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Cheap Astronomy
2010-Mar-20, 07:50 AM
As I understand it, one of the key findings of WMAP (http://en.wikipedia.org/wiki/Wmap) is that the universe is flat.

But as far as I can tell, flatness is a concept drawn from the Friedmann equations (http://en.wikipedia.org/wiki/Friedmann_equations) - where the universe is either contracting (big crunch), flat or hyperbolically expanding (big stretch).

So in this context 'flat' means a universe expanding at a positive but linear rate.

So isn't WMAP in conflict with the type 1a supernova data showing the universe has an accelerating expansion. Doesn't this suggest a hyperbolic rather than flat universe?

And if that all makes sense why are we doing calculations requiring dark stuff to explain why the universe is flat - when it isn't flat at all?

Not meaning to be a dark energy denialist, but I wonder if we are over-compensating. If the Planck spacecraft (http://en.wikipedia.org/wiki/Planck_(spacecraft)) comes up with higher resolution data suggesting the universe is a bit hyperbolic in shape, we should be able to revise the dark energy requirement down a bit, shouldn't we??

Thanks,

Steve

noncryptic
2010-Mar-20, 01:46 PM
from NASA:
http://map.gsfc.nasa.gov/universe/uni_shape.html

"If the density of the universe is less than the "critical density" which is proportional to the square of the Hubble constant, then the universe will expand forever."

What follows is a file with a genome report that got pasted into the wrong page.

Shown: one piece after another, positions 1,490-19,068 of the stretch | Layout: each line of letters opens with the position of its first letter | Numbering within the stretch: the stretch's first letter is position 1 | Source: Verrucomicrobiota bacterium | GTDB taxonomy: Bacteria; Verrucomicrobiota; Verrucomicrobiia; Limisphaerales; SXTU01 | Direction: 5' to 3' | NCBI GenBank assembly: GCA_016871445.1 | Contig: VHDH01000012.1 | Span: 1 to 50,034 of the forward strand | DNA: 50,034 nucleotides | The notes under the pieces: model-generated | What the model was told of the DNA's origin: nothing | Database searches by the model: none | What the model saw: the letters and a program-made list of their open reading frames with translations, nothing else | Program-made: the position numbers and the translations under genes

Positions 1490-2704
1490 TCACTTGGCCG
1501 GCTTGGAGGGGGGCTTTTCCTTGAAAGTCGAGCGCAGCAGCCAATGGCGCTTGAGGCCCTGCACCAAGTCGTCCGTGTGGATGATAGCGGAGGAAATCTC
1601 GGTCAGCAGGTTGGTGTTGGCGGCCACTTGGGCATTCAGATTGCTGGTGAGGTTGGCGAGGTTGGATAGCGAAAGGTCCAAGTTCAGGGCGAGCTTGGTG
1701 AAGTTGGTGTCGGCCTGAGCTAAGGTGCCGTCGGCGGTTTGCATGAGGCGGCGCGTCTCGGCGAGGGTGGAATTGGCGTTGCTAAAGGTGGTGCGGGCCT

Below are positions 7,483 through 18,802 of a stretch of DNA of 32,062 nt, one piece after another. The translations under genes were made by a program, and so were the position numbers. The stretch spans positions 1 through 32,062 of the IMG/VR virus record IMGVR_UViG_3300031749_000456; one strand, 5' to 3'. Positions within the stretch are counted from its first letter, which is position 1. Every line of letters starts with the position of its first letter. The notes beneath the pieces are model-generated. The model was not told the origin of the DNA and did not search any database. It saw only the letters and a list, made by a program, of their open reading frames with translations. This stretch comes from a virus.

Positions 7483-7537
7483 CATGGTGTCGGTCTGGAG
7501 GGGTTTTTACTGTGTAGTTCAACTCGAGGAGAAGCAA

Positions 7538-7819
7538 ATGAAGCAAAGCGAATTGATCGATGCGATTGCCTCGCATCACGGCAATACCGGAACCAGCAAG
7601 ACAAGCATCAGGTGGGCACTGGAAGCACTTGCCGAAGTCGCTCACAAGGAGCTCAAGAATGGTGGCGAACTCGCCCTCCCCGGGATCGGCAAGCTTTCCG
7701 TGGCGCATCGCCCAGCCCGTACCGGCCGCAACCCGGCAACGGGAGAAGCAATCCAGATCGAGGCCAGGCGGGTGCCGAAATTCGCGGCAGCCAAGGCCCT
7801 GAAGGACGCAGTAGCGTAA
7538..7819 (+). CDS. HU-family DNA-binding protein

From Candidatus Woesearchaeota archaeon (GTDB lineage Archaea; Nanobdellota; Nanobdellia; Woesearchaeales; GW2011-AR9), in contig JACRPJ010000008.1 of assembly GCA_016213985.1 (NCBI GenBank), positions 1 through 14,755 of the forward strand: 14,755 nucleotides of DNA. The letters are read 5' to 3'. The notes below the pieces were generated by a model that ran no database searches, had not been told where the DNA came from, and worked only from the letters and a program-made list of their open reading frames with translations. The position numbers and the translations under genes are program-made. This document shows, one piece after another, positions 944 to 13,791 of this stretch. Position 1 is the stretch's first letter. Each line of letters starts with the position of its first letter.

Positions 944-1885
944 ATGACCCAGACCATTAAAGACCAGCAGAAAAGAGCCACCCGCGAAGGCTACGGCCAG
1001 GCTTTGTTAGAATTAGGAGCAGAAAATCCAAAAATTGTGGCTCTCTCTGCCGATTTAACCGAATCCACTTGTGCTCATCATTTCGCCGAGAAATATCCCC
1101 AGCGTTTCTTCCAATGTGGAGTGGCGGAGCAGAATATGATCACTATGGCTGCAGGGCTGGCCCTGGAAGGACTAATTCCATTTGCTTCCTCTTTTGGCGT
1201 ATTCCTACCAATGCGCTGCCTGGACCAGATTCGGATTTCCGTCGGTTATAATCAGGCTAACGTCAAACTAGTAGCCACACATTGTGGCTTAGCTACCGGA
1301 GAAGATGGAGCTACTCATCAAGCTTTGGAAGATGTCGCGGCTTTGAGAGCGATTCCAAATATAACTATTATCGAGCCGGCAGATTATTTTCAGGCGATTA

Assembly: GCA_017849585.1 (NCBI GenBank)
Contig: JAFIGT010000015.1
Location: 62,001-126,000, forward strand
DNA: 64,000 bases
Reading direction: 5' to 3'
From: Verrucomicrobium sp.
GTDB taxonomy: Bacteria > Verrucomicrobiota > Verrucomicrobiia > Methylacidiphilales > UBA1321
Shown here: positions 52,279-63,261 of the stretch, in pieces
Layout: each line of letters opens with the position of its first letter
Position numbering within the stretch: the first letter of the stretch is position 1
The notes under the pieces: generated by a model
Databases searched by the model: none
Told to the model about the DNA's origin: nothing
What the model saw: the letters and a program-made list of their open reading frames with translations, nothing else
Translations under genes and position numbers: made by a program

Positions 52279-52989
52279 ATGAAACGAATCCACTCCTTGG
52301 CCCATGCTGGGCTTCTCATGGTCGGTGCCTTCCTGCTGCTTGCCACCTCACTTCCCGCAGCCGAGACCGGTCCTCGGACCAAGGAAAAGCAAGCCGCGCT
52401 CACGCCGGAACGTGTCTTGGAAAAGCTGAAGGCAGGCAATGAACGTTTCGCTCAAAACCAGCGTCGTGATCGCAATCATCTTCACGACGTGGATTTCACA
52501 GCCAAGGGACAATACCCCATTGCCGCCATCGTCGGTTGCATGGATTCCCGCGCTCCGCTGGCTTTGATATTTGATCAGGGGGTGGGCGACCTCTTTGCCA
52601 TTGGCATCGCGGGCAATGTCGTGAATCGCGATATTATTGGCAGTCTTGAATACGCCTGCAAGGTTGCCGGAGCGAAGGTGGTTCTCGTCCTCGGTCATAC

"If the density of the universe is less than the critical density, then the geometry of space is open, negatively curved like the surface of a saddle."

So "the universe will expand forever" corresponds to "the curvature of the universe is not flat"

It sure seems that with accelerated expansion, expansion will continue forever, iow: the universe is negatively curved (thus not flat).

And yet WMAP observations say the universe is flat.

So either NASA got their explanation wrong, or WMAP data contradicts the observations that say the universe is undergoing accelerated expansion, or it means that in the future the acceleration of expansion will decrease to zero and expansion will decrease to zero, or some people (including myself) are misunderstanding the whole thing.

ngc3314
2010-Mar-20, 03:12 PM
The connection "geometry is destiny" for cosmic expansion holds only if the cosmological constant is zero (equivalently, nothing that does what dark energy is surmised to do). "Flatness" is a geometrical measure which can be defined in terms of radiation propagation and its intensity after a certain travel distance. If only gravity acts, there is a necessary connection between geometry (flat, "hyperbolic") and expansion history, which is broken if other things matter on cosmological scales.

Krauss and Turner (1999) stated in one abstract (http://www.springerlink.com/content/h925275822n54121/), "The recognition that the cosmological constant may be non-zero forces us to re-evaluate standard notions about the connection between geometry and the fate of our Universe. An open Universe can recollapse, and a closed Universe can expand forever. As a corollary, we point out that there is no set of cosmological observations we can perform that will unambiguously allow us to determine what the ultimate destiny of the Universe will be."